Thomas also argues that denying her the right to sue the Estate and Rowhouses, via service on SDAT, would deny her a remedy for the alleged wrong committed against her in violation of Article 19 of the Maryland Declaration of Rights. Appellees contend that Article 19 is not implicated in this case, because Thomas did have an adequate remedy: she could have sued Ival Cianchette, a director allegedly surviving at the time suit was filed. Because we hold that service of process was proper on SDAT, there is no need for us to address this argument.
We answer yes to the first question and no to the second.
I. Standard of Review
This case presents questions of statutory (and rule) interpretation, and “[w]e review a trial court's interpretation ... through a non-deferential prism.” Polek v. J.P. Morgan Chase Bank, N.A., 424 Md. 333, 350, 36 A.3d 399 (2012) (internal citations omitted). See also State ex rel. Lennon v. Strazzella, 331 Md. 270, 273, 627 A.2d 1055 (1993) (“To interpret rules of procedure, we use the same canons and principles of construction used to interpret statutes.”) When a circuit court grants a motion to dismiss, we must determine whether the court was “legally correct in its decision to dismiss.” Menefee v. State, 417 Md. 740, 747, 12 A.3d 153 (2011).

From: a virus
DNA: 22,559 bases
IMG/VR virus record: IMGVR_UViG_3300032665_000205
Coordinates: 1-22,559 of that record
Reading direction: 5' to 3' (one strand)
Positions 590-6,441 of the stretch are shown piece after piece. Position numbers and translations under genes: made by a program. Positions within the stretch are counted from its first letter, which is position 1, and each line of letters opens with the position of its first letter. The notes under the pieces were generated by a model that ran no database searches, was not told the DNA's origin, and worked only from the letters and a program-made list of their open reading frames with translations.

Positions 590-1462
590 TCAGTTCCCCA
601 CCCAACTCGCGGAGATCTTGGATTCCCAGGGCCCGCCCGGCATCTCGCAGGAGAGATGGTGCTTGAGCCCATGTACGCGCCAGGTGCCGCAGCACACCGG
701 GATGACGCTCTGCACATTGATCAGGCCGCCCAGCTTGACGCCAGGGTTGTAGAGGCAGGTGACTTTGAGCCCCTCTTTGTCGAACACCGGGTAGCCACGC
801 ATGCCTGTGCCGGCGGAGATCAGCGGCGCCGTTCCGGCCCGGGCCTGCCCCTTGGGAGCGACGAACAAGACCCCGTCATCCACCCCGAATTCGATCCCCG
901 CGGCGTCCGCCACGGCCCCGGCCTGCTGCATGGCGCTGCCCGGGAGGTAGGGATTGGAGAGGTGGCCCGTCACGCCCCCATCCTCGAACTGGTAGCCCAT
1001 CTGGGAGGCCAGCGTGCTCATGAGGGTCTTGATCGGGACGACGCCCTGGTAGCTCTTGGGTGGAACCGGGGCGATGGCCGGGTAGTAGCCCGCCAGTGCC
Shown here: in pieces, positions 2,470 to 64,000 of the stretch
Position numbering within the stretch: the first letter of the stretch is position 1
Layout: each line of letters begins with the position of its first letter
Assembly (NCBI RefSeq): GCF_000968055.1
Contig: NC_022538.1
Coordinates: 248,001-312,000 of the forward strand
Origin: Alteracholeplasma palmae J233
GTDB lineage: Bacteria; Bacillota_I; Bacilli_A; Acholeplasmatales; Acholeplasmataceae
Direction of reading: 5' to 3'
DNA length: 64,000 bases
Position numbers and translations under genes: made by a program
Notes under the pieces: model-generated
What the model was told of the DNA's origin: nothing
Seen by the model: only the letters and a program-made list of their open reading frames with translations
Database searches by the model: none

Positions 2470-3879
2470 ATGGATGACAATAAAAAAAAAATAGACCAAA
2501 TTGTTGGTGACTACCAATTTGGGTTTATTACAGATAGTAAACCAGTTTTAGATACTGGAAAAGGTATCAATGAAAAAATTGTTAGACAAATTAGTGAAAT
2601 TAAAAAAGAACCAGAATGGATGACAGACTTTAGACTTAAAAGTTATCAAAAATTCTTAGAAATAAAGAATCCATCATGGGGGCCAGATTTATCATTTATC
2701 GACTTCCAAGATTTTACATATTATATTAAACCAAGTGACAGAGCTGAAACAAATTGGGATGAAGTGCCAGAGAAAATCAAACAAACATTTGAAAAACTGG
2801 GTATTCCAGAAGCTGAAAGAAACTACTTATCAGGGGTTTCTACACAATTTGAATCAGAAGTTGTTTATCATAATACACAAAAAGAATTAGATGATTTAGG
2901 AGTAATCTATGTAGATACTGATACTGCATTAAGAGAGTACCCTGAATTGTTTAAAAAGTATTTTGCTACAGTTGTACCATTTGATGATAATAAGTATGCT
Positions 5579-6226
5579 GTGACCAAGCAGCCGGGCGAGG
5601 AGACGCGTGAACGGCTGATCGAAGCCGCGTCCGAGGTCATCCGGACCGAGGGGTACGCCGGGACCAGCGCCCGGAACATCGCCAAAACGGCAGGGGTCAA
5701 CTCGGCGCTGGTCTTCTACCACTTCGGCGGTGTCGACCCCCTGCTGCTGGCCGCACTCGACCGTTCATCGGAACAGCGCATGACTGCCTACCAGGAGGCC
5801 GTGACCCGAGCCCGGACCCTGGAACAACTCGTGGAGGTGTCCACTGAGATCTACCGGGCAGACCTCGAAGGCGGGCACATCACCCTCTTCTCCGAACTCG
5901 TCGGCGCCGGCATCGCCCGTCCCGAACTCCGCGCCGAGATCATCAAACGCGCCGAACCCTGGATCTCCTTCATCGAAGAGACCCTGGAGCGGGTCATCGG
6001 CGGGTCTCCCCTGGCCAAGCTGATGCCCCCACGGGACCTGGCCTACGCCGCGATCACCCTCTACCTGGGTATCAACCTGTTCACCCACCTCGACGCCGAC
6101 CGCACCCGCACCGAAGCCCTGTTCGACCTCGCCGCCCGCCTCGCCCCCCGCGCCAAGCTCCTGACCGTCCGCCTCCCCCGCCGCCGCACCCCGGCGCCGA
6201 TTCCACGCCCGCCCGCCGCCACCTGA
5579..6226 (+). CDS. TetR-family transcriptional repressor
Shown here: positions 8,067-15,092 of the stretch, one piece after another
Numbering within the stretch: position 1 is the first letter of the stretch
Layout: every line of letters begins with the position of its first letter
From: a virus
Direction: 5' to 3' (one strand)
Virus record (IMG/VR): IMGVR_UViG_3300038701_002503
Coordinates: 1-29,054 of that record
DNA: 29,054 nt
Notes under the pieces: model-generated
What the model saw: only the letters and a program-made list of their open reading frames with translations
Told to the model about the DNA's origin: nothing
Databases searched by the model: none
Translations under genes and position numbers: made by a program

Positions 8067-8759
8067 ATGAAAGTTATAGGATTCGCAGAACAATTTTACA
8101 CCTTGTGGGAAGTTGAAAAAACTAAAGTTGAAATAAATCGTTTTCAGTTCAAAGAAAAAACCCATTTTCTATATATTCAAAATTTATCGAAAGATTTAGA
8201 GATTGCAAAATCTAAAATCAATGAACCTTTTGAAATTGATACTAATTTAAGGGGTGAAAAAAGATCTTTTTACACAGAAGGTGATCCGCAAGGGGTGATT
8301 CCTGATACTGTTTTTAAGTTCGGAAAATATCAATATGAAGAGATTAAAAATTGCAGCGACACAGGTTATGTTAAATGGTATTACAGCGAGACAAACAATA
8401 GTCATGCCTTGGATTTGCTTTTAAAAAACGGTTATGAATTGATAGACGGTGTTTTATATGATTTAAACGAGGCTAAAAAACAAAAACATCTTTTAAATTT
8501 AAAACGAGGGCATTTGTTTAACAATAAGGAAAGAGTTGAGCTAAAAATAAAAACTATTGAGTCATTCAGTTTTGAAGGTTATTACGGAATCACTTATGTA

II. Service on SDAT
A. Contentions of the Parties
Thomas contends that service on SDAT was proper because Md. Rule 2–124( o ) is not limited to existing corporations. She argues that there is nothing in the plain language of its provisions preventing substituted service on SDAT in this case. Thomas also emphasizes that Rule 2–124( o ) applies when a corporation has no resident agent, which is clearly the case here. In turn, appellees argue that Md. Rule 2–124( o ) does not apply to a defunct corporation, but applies only to situations where an active corporation has a resident agent and that agent is not accessible for service. They also argue that a defunct corporation is not “required” to have a resident agent. Thus, Rule 2–124( o ) did not apply.
Actually, Rule 2–124( o ) states service “may” be made upon the enumerated entities, including a corporation “required by statute of this State to have a resident agent.” See p. 15, infra.
Appellees further contend that service upon Rowhouses cannot be achieved through SDAT, but can only be made on a surviving director-trustee of the forfeited corporation, who, at the time suit was filed, was Ival Cianchette. The circuit court agreed with appellees, finding that “ Rule 2–124( o ) provides for substituted service in limited circumstances. And this court finds that it clearly does not apply to a defunct corporation, a forfeited corporation.”